Inception of the Gulabi Gang
Sampat Pal Devi is an Indian social activist from Bundelkhand region of Uttar Pradesh, North India is the founder of the Gulabi Gang, an Uttar Pradesh-based social organization, works for women welfare and empowerment. Sampat Pal Devi was married to a resident of the Banda district of UP at the young age of twelve. Four years later, at age sixteen, she took her first stance against domestic violence. A nearby neighbor was regularly abusing his wife, so Pal Devi encouraged residential women to embarrass the man until he ultimately made a public apology for his actions. She was influenced by social activist Jai Prakash Shivharey to start the Gulabi Gang in support of women’s rights. Pal inspired other women in her village and other villages to join the effort. The women look out for other women in neighboring towns, similar to a western neighborhood watch program. Together Pal and her women have carried out several raids, beaten up several men and public officials, and attained one-hundred percent success.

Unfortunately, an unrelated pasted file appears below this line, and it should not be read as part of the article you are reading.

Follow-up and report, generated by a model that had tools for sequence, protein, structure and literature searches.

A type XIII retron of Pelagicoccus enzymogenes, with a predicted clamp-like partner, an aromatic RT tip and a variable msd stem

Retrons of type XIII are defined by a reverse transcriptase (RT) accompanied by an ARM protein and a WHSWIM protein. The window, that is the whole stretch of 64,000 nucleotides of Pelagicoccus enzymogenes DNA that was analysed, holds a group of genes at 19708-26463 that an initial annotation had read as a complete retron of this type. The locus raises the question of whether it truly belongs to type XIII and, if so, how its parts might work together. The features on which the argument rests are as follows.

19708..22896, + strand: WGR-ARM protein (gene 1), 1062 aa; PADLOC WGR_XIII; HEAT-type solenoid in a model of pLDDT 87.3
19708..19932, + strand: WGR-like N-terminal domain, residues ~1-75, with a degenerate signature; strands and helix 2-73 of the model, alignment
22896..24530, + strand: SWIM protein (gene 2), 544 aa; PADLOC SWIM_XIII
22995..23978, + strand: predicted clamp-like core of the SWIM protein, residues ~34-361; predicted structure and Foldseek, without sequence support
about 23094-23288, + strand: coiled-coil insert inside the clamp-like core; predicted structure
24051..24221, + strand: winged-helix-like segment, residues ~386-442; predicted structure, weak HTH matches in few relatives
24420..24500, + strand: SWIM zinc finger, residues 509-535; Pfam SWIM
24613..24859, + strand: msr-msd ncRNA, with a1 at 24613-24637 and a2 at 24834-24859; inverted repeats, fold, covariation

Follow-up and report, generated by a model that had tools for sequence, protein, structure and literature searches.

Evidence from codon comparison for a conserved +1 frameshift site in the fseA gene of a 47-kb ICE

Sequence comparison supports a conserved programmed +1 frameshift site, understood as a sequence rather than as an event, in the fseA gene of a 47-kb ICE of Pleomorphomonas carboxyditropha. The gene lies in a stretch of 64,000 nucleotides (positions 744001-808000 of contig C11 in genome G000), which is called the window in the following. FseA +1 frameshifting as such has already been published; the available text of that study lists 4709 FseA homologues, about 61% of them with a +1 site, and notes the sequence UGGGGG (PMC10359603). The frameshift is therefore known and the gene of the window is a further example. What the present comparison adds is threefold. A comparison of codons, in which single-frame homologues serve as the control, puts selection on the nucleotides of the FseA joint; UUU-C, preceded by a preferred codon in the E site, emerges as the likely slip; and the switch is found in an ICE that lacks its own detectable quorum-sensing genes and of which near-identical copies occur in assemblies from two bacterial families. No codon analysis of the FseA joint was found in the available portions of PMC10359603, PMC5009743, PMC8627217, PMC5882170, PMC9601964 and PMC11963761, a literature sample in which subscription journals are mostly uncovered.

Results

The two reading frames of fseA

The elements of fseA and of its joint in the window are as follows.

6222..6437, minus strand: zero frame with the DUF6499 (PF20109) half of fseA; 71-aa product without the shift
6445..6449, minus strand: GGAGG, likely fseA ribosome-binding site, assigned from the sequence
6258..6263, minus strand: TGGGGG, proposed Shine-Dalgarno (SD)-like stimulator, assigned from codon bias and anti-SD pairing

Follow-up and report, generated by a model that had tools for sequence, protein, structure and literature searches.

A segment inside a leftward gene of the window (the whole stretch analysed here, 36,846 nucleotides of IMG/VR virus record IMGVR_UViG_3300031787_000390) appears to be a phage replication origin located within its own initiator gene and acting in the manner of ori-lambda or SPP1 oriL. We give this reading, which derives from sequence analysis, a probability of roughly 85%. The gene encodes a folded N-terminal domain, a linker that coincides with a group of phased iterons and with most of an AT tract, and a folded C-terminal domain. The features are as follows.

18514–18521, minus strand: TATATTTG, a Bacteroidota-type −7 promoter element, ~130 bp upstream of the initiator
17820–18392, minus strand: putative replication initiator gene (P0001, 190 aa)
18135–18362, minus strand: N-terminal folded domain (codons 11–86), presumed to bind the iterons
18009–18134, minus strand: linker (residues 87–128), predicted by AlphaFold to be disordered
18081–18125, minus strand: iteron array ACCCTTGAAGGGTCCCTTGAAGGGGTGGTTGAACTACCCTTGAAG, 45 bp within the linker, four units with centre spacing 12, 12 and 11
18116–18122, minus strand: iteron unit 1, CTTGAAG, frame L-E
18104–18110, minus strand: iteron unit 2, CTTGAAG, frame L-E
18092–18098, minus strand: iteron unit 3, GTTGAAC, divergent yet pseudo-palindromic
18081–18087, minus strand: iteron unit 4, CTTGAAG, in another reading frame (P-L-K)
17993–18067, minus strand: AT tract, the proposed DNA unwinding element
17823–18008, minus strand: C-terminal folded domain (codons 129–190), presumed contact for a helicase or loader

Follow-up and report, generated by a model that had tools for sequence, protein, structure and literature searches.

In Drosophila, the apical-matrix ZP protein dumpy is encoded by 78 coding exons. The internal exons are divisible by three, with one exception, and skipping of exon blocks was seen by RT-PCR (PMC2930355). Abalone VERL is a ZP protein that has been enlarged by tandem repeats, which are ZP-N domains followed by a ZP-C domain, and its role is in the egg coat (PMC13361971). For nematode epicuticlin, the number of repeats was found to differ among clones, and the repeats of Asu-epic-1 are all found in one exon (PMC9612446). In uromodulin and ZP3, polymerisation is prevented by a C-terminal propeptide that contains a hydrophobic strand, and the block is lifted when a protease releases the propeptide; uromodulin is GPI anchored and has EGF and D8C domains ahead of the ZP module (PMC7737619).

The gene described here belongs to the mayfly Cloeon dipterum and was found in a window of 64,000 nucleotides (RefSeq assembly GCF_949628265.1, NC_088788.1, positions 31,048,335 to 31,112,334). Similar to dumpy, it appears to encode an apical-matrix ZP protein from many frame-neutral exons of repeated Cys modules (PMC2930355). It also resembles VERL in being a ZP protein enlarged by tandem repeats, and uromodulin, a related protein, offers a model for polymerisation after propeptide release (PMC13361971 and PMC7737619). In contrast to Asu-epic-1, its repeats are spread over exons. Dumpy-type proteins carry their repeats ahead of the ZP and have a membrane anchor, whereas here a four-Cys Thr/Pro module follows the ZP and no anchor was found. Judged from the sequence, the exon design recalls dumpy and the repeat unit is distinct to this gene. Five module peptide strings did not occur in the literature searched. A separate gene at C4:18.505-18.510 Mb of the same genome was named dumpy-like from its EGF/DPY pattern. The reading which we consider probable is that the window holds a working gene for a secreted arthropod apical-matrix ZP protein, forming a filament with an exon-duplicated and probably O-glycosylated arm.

Why The Gang?
For women in India, violent crime is common and low-caste women are especially vulnerable. Ninety per cent of the country’s rape victims are Dalit women, formerly known as untouchables, the lowest of India’s lowest caste. The situation is particularly dire in Uttar Pradesh, a state with the most cases of sexual violence against women in the country. And the police aren’t much help. An Indian high court judge recently described the Uttar Pradesh police force as the largest criminal organization in the country. But the Gulabi Gang is offering a way out. It is making change simply by providing positive and powerful female role models in a country where few exist.
Lasting social change?
But it’s difficult to know how sustainable that change is. And that’s the problem. Pal represents both the strengths and weaknesses of the gang. She’s an effective and charismatic leader who inspires tremendous loyalty, but there’s also no one else like her. There’s also the question of whether Pal’s brand of vigilante justice can really lay the foundation for lasting social change. Abhilasha Kumari, the director of Apne Aap, a woman’s rights NGO in Delhi, doesn’t think it can.
Pal agrees. She says that for women in India, the first battle begins at home. A woman must fight the oppression and abuse she faces from her family before she can become an effective member of the gang. After all, real change is not going to come from the end of a stick.